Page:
This article presents several of those tools that I’ve found the most useful. Many have overlapping functionality but it’s great to get multiple opinions about the state of your site.
Accessibility is a big deal on the internet that is unfortunately often overlooked. An accessible website will not only widen your audience by catering to the disabled through the use of assistive technology, but it also allows a website to be presented in many other different forms that are useful to everyone.
- W3C Markup Validation Service checks a page for conformance against the HTML specification.
- W3C Link Checker scans a website for any links pointing to non-existant pages.
- W3C Feed Validation Service scans and validates a RSS or Atom feed.
- W3C mobileOK Checker performs various tests on a page and its resources to determine its level of mobile friendliness.
- W3C Internationalization Checker checks to see if a page contains any internationalization issues.
- Powermapper SortSite is the most comprehensive accessibility checker I’ve used, giving a detailed breakdown on WCAG 2.0 conformance errors and warnings.
- WAVE Web Accessibility Evaluation Tool by WebAIM scans a page and provides a series of inline accessibility errors and warnings.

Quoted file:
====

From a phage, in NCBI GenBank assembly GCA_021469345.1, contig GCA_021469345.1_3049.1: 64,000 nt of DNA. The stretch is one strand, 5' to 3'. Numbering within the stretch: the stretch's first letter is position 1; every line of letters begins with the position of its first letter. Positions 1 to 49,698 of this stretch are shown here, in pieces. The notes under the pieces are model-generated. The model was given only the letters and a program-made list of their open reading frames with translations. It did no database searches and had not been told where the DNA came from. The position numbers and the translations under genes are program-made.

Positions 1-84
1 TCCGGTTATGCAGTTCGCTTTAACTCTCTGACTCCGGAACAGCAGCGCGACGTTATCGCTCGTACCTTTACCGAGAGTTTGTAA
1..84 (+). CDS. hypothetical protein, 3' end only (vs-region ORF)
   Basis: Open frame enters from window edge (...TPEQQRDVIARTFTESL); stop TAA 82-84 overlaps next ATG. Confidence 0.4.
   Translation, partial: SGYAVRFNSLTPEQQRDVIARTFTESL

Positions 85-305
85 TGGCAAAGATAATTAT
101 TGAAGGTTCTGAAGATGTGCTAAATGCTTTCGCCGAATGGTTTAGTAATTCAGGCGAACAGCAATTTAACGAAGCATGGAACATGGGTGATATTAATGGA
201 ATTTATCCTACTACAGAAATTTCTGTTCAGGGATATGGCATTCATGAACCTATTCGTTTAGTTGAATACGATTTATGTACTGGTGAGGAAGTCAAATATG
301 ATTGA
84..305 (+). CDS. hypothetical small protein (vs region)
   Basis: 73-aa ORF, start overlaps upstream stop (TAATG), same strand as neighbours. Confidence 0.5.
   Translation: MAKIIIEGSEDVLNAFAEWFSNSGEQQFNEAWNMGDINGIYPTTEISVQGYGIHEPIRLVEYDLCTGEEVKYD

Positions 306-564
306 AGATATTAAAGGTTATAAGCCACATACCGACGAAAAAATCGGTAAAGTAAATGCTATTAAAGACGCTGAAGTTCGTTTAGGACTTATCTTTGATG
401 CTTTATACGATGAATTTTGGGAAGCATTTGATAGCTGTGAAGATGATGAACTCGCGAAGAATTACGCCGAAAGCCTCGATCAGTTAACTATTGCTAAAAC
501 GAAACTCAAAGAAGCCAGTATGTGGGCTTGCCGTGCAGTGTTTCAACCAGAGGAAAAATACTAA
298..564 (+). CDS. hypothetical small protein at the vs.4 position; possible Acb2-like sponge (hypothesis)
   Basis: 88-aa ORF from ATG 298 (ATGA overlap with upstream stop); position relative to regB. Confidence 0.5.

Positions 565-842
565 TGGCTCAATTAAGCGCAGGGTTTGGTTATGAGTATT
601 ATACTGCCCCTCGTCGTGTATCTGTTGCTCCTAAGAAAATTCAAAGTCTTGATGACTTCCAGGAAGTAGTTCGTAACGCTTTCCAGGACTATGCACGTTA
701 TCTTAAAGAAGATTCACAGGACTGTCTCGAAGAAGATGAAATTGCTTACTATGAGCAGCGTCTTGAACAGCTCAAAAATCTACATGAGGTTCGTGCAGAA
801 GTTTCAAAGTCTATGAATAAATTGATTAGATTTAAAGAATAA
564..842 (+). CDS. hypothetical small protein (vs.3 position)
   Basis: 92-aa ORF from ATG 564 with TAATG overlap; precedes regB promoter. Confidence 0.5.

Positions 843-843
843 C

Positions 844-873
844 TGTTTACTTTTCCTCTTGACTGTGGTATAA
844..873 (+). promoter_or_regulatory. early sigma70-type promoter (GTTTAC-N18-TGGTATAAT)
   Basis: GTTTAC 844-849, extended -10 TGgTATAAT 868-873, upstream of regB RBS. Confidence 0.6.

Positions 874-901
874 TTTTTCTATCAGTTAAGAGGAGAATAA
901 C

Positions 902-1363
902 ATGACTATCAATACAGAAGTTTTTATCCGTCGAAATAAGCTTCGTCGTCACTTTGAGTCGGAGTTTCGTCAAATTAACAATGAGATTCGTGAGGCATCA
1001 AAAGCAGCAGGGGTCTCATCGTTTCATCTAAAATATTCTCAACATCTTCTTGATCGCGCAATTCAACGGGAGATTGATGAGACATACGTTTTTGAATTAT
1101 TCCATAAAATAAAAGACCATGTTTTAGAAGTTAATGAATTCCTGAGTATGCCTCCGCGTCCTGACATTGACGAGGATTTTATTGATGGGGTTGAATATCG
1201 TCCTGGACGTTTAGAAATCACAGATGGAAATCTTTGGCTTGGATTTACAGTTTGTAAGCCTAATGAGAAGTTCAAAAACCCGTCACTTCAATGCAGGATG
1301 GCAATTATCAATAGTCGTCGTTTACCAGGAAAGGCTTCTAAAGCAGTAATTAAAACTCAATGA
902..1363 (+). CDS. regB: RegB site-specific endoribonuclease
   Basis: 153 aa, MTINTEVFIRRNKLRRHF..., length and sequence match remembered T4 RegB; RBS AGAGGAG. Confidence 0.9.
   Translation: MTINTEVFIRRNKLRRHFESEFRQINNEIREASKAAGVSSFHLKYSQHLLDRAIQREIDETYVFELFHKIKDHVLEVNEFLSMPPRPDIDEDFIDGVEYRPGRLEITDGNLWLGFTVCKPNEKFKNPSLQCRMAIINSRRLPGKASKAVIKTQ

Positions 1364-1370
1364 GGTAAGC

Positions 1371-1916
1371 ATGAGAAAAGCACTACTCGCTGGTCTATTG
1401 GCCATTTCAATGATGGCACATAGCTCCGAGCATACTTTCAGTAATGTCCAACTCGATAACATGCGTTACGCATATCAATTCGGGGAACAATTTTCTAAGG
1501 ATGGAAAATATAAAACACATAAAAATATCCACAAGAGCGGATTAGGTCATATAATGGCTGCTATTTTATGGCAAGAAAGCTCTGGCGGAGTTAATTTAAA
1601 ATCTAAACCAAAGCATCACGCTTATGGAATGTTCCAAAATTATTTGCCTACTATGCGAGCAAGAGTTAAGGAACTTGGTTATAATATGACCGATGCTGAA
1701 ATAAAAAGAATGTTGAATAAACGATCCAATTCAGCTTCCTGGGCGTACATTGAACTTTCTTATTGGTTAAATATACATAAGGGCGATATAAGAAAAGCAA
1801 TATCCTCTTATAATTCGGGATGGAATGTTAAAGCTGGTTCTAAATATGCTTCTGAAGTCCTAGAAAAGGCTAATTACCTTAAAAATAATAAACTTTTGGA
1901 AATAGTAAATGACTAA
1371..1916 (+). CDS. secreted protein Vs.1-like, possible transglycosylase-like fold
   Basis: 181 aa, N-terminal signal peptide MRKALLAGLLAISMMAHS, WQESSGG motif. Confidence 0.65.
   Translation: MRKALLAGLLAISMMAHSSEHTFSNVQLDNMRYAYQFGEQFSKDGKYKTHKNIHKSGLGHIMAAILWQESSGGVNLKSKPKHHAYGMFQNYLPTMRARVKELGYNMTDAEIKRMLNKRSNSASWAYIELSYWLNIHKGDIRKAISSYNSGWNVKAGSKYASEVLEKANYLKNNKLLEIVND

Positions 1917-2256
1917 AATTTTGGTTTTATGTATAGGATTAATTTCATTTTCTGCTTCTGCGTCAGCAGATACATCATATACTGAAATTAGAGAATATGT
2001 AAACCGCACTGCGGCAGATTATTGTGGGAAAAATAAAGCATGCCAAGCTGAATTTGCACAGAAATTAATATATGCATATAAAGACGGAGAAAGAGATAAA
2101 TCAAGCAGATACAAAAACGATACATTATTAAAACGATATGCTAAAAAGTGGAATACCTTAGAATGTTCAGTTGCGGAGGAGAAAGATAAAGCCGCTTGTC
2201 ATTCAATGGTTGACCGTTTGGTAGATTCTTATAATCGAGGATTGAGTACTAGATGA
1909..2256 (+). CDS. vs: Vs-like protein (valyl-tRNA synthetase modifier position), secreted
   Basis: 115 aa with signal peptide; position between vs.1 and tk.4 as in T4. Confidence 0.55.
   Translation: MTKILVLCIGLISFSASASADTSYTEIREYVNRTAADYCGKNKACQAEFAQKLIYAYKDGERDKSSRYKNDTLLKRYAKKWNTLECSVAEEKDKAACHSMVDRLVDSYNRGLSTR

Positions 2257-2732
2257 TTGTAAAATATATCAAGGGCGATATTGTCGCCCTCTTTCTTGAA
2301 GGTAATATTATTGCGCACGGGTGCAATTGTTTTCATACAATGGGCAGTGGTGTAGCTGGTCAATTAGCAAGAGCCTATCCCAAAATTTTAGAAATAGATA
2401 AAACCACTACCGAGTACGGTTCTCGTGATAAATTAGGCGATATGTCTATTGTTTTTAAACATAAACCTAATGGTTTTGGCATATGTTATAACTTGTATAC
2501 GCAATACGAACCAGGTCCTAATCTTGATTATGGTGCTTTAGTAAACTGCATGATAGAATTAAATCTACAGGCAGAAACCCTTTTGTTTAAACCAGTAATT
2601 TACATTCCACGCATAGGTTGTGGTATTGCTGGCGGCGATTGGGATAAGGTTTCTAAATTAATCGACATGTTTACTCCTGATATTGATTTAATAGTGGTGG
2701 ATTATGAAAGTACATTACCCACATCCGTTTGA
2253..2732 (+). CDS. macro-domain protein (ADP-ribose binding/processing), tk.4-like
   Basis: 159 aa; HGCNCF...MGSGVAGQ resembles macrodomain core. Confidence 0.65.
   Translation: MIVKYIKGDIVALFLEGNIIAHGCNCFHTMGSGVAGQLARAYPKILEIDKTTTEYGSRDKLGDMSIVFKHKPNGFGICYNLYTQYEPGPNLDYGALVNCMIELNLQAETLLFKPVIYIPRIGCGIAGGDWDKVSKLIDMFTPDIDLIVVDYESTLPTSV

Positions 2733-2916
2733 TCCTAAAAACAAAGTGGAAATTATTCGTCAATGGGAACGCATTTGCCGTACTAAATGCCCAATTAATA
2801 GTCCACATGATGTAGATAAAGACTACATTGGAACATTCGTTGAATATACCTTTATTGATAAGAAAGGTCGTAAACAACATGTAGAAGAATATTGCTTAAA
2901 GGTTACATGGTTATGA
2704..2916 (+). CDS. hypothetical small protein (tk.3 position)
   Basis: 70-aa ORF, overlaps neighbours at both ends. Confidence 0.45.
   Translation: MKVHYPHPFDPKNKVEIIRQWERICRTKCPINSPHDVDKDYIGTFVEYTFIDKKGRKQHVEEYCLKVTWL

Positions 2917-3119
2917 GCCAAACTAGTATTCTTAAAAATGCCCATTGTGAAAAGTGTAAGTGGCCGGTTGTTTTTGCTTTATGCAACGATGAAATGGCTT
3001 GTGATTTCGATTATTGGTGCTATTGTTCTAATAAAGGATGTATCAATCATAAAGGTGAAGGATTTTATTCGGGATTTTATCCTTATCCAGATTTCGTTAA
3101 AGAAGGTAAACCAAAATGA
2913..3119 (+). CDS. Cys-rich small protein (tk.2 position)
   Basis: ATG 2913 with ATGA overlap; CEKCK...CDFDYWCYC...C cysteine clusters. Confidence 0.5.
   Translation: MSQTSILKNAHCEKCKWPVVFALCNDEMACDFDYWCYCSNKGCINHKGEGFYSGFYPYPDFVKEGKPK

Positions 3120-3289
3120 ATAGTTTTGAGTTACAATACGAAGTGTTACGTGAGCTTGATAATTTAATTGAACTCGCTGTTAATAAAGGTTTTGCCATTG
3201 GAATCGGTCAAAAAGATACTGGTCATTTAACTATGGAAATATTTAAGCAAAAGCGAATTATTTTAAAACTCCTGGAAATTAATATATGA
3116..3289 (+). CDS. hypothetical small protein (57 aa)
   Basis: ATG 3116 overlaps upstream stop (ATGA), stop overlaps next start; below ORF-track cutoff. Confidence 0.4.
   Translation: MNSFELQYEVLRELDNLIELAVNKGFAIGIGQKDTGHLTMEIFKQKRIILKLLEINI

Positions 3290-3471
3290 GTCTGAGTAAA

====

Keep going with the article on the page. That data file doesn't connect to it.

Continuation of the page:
These tools help with the validation of a site’s design.
- Viewport Resizer is a bookmarklet from Malte Wassermann helpful in approximating how a page will display on different devices by wrapping a page in a resizeable container.
- W3C CSS Validation Service scans a CSS file and provides a series of warnings and conformance errors.
Achieving great performance is about pushing page-weight down as much as possible and optimising the above-the-fold content in order to improve the user experience. Above-the-fold loading performance is typically measured using speed index.
- PageSpeed Insights from Google scans a pages and gives some high-level advice for optimising it on desktop and mobile.
- Web Page Test is an open source project primarily supported by Google that runs a web page on a remote computer and provides in depth details on connections, requests, page size and speed index for both the non-cached first time load and cached repeated loads.
- CSS Stats is an open source project from Adam Morse that provides some unique insight into all the CSS used on a page, such as how many times a selector is used, all font sizes or colors on a page and so on. A clever web developer could use this to push down the size of their CSS file by merging selectors or cutting ones that shouldn’t be there in the first place.
- DOM monster is an open source bookmarklet from Thomas Fuchs that analyses the DOM of a page and gives some stats and a list of tips and warnings to improve the overall page weight.
These SEO tools will help resolve some issues that search engines may not like about your website.
- Feed the bot from Patrick Sexton focuses on meeting the Google webmaster guidelines.
- Quick Sprout from Neil Patel is a tool that focused on boosting traffic on a page by analysing its SEO, Speed and social status practices and providing recommendations. A paid option is available that can analyse an entire domain.